Mario Bianchi has been providing settlement services to newcomers as Paco for over 27 years.
Paco looks out the window at the last few maple leaves – bright yellow against the weighty autumn clouds. He can smell the chill of hovering snow and his mind slips back 23 years to his first Canadian winter.
He and his sister had arrived as teenagers on a flight from Costa Rica with their parents, refugees from the bitter civil war in Nicaragua, sponsored by a humane and generous federal program. Warned of cold northern winters, they had swaddled themselves in the warmest cotton sweaters and layered jackets they could find.
But the first blast of sub-zero air was beyond anything Paco could have anticipated. Walking up the ramp from the airplane to the terminal, the sharp-edged waves of cold flowed under his pant legs and up his sleeves, slipped over his collar and tightened around his exposed skin. It was unexpected, and scary.
The four had fled the violence in their homeland, finding temporary refuge in a peaceable neighbouring country – but they had needed a permanent home.
They were anxious to rebuild their lives far away from the madness of war. The Canadian “Manpower” program had welcomed them with a flight and initial support to help them to settle – a reassuring offer, but the young family didn’t know what that support would look like.
This afternoon, Paco can relax, as he watches the wind stir the golden carpet of fallen leaves and tumble them across the lawn into the towering spruce beside his tidy red-brick bungalow. The chill air is a welcome transition after Toronto’s hot, humid summers. But he wasn’t so sure 23 years earlier.
He thinks back to the stiff formalities of customs and immigration, intimidating because so much hope hinged on this moment of arrival. The officials were not un-friendly, but years of civil war had made the young family wary of men in uniform.
A different set of government bureaucrats had given them winter coats and gloves and loaded them into a cold van idling outside the terminal building. They rode in silence along endless high-speed roads; the empty, darkened cubes of this strange city flew by … so different from the busy, peopled streets of the home they had left. Paco remembers the heavy weight of doubt settling into his stomach.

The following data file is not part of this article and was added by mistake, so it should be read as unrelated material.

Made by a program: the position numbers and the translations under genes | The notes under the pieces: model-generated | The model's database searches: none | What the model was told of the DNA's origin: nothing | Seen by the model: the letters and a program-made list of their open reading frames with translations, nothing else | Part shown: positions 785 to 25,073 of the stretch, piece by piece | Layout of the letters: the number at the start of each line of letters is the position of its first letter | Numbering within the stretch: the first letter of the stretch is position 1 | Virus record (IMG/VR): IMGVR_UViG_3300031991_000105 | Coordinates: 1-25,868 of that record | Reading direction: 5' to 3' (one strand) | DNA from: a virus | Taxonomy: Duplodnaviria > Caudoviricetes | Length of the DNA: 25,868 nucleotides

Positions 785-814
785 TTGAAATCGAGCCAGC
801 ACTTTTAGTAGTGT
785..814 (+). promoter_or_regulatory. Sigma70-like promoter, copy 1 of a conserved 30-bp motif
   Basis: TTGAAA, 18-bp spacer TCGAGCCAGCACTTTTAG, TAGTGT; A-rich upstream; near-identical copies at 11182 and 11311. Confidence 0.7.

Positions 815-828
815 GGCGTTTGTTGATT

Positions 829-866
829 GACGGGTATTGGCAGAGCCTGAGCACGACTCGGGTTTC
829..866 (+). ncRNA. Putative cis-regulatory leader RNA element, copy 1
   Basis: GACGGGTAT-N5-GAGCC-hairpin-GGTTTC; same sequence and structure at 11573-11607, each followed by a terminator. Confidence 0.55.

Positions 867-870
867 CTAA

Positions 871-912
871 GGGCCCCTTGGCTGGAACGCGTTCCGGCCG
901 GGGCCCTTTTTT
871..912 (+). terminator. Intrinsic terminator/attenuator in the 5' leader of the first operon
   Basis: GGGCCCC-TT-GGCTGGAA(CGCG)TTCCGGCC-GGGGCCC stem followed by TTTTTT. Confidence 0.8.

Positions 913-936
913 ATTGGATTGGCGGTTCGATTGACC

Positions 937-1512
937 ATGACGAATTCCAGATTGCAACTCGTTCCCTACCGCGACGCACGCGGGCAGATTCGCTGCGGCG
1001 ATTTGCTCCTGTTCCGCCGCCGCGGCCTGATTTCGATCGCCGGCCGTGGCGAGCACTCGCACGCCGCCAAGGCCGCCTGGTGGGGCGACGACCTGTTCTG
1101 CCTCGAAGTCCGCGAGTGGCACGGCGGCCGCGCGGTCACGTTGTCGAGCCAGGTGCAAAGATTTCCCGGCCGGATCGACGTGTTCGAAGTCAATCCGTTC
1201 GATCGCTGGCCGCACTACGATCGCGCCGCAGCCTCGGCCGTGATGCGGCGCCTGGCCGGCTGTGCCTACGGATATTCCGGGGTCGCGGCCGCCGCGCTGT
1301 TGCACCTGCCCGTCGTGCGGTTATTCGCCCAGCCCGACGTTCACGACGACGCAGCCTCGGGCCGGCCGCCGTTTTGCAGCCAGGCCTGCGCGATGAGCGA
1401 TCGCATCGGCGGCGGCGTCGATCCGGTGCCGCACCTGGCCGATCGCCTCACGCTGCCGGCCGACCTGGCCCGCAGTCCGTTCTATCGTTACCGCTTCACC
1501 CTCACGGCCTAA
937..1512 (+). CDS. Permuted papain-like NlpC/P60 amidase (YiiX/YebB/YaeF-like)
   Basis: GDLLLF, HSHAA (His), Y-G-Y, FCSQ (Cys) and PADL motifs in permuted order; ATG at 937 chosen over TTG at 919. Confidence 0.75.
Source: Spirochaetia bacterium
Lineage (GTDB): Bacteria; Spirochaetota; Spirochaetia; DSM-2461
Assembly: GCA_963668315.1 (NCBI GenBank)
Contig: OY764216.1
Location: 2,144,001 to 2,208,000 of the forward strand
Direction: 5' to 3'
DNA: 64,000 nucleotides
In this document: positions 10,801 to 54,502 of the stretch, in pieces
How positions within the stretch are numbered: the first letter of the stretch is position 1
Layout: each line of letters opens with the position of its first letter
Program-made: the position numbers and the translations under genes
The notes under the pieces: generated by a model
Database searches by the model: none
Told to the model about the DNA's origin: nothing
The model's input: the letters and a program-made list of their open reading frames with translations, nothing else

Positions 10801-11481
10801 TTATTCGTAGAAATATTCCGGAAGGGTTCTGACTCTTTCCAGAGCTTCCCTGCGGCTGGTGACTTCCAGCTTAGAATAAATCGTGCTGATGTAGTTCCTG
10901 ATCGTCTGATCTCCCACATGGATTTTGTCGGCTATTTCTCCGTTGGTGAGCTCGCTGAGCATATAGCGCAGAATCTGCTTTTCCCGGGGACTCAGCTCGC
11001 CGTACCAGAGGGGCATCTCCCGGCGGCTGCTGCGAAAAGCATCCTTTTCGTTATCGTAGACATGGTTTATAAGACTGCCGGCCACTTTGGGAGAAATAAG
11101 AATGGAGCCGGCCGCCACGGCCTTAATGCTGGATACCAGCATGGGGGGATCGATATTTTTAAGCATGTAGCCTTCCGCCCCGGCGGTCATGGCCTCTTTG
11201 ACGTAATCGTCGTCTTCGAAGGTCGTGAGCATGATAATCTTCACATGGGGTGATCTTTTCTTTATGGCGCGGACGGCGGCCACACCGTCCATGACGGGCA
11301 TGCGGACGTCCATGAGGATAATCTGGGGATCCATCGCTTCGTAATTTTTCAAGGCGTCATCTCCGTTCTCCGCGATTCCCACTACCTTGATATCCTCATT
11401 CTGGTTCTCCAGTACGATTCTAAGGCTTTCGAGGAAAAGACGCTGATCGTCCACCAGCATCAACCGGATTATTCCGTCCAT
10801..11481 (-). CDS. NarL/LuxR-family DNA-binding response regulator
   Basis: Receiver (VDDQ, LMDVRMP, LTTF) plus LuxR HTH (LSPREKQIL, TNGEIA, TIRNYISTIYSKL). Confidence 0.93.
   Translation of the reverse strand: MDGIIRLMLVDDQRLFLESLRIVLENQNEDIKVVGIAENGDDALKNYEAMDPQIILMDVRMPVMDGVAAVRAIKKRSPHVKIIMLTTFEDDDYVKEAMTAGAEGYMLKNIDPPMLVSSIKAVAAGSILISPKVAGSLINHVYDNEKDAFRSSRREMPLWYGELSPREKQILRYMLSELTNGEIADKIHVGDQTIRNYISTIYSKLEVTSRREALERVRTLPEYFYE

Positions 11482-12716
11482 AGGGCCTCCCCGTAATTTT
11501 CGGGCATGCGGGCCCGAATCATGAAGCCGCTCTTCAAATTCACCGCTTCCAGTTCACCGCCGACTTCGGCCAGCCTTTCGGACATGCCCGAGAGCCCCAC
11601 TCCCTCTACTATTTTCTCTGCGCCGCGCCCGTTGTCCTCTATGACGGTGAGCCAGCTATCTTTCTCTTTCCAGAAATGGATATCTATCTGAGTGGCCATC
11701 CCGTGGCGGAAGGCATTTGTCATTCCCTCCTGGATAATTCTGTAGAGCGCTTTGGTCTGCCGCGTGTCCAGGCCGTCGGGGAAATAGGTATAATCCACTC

It was Mario’s warm greeting that melted their apprehension. Mario, the effusive settlement councillor at the Mennonite New Life Centre, who was to become their guardian angel, welcomed them “home” that first night. After he had settled them into a cosy little apartment at the Centre’s East End facility his parting words reassured them that everything was going to be OK.
Paco gazes at the swirling leaves and smiles as he remembers the flurry of activity over his first few weeks in Canada. The New Life Centre translated their legal papers, found them an apartment, and rounded up some basic furniture. Mario showed them how to use public transit, took them to “the No Frills” and showed them how to things were done in Canada. He helped them fill out their applications for Social Insurance Numbers and Health cards, steered them to an ESL school and enrolled Paco and his sister in high school. In no time at all, their parents had found jobs at local factories.
As a lazy, early-season flake floats by the window, he remembers his first snowfall – shuffling with his sister through pristine white fluff as huge snowflakes landed on his wool mittens. After only a few weeks in Canada, the cold was no longer a frightening stab, but a refreshing surge – energizing and motivating.
The New Life Centre stayed in touch with the family for their first few years, ensuring they were finding their way and settling in. They loaned Paco’s mother $120 to buy a sewing machine and were paid back within the year through her earnings making dresses and blouses for her ESL classmates. They provided counselling when barriers seemed insurmountable and advice when officialdom seemed impenetrable.
The family quickly began to give back. Paco picked up English quickly and was soon acting as a translator for other immigrants, accompanying them to appointments and helping to fill out forms and apply for training programs. He excelled in school and served as a peer counsellor.
The family bought a car within a year, and the humble east-end bungalow a few years later. Both kids finished high school and Paco went on to graduate with honors from the University of Toronto.
As the first few flakes begin to fall, Paco sighs, settles back into his arm-chair and reaches for his novel. In the 15 years since he has graduated, he has begun to climb the corporate ladder in the financial sector, the mortgage on the house is almost paid off, his sister has married and is raising 3 hockey-mad children and his parents are looking forward to retirement.
What spare time he has is filled with volunteer activities: he’s active in his local riding association, serves on the board of one of Toronto’s pre-eminent social service agencies and continues to work as a phone-line counsellor. At work he’s always the first to sign up to climb the CN Tower for the United Way, cycle for Juvenile Diabetes and is frequently sent out to speak to students on behalf of Junior Achievement’s Stay in School Program.
He thinks of Mario – still working with the New Life Centre, still helping new Canadians find their footing in Toronto. If it hadn’t been for him and his agency’s humane support, Paco can’t imagine how they would have survived the stress and complexities of his first year in this strange new society.
As the book on his lap falls open to his bookmark, he whispers a little thank-you to the Mennonite New Life Centre, and to their hard-working counsellors.
Story by Jordan Levitin